The Whistler track, where the 2010 Olympic races will be held, is considered the fastest in the world – adding extra adrenaline to the 'fastest sport on ice' this year.
Competing on the speediest track in the world, look for “the fastest sport on ice” to clock some impressive runs in Whistler, British Columbia. Also keep an eye – if you can – on Erin Hamlin, the US woman who last year broke Germany’s 99-win streak. Will she fend off the most dominant team again?
Armin Zöggeler, ITA (see video)
Nicknamed “The Cannibal,” Zöggeler is the Roger Federer of luge. He won his first World Cup at age 15 and is a two-time gold medalist whose Olympic career dates back to 1994. And while he’s still going strong entering his fifth Games, he’s making sure the Zöggeler tradition will continue: Daughter Nina won her first race at age 7 in 2008, beating all the boys in her age group.
Erin Hamlin, USA (see video)
Hamlin, a no-nonsense athlete from Remsen, N.Y., is the breakout member of the US women’s team. In 2009, Hamlin broke the Germans' 99-year winning streak when she slid her way to a gold medal at the World Championships in Lake Placid, N.Y. Hamlin vs. Germany will likely be among the most intriguing luge stories at the Vancouver Games. Read more on her website.
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There are three events in luge: men's singles, women's singles, and doubles. Singles take four runs over two days, while doubles teams compete twice on the same day. The athlete or team with the fastest total time wins.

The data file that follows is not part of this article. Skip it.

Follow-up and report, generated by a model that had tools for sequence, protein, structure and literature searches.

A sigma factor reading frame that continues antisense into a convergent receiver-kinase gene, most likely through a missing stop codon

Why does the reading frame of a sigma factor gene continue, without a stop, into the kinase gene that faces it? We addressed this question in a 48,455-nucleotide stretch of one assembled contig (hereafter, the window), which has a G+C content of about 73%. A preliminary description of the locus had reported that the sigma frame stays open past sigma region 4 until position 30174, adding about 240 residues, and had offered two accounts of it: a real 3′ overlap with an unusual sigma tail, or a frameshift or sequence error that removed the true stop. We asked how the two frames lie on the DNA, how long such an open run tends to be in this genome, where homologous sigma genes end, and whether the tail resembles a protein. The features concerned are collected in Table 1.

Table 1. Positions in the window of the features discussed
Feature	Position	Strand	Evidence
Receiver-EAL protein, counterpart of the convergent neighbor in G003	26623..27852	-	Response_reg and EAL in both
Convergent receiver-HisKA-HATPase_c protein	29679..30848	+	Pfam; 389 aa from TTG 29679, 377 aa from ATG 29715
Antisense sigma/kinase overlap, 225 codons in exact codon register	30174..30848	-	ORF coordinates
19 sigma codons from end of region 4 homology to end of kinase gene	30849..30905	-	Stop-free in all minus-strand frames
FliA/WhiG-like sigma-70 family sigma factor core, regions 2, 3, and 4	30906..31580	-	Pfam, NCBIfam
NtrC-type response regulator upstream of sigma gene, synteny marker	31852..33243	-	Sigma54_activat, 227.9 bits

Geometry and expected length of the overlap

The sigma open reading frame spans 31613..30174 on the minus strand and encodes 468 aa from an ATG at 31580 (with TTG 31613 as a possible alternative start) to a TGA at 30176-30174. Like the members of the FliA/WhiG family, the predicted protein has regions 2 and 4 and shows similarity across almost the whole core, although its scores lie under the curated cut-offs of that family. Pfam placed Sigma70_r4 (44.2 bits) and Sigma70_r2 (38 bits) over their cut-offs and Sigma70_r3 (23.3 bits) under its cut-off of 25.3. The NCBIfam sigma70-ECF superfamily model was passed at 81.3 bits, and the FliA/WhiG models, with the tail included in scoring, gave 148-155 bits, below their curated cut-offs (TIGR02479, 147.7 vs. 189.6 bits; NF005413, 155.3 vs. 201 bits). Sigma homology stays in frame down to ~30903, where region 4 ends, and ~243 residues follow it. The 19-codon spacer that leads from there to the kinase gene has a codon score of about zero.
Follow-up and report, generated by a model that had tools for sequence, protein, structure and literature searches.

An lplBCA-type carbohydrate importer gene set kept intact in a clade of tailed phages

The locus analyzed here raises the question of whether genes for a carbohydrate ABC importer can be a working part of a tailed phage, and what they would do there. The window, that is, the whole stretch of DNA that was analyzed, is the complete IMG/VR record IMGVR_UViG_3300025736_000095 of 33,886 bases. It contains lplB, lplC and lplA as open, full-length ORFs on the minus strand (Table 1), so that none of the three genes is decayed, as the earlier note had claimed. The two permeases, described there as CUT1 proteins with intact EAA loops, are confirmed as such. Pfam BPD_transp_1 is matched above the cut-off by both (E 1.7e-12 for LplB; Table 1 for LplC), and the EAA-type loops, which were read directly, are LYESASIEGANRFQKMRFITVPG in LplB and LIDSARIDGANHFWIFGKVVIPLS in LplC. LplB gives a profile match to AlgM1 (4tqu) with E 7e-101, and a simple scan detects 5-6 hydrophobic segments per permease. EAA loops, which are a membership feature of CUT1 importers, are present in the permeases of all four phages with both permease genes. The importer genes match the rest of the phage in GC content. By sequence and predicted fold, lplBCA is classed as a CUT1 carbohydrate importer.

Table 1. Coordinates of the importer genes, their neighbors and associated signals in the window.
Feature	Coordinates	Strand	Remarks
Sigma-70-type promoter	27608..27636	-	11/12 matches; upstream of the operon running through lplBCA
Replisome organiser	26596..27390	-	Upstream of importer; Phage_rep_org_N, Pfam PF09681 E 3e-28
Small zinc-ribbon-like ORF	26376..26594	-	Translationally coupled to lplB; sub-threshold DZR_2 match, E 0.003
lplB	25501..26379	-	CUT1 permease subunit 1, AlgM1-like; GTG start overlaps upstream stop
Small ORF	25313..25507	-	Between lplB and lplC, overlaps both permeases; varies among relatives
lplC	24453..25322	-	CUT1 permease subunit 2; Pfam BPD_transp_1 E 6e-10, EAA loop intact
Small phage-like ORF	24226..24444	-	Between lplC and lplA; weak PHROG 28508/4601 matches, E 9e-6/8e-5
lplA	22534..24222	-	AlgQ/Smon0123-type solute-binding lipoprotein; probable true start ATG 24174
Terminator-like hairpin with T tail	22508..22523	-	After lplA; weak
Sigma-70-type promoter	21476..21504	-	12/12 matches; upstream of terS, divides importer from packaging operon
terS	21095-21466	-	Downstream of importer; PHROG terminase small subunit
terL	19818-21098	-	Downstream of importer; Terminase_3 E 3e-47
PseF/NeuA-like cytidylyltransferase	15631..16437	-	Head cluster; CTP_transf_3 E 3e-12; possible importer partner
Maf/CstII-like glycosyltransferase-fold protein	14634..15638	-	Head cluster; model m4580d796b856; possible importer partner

Both luge and short track speed skating races are timed down to the thousandth of a second, making them the most precisely timed events of the Winter Games.
Luge is sledding for the overachiever. Catapulting down a mile-long track in less than one minute, luge athletes – called “sliders” – balance explosive power with tremendous control to showcase one of the most exhilarating sports in the Winter Games. The sleds have no brakes or steering mechanisms, and the athlete must hold his or her head and feet off the ice without any supportive devices – a challenging feat at speeds of up to 90 m.p.h., when gravitational forces can make one’s head feel as if it weighs 500 pounds.
Luge developed from 19th-century European sled racing and was refined by the Austrians during the 1930s. The sport was first included in the Olympics at the 1964 Innsbruck Games.
Sources: nbcolympics.com, vancouver2010.com, Oxford Encyclopedia of World Sports, usaluge.org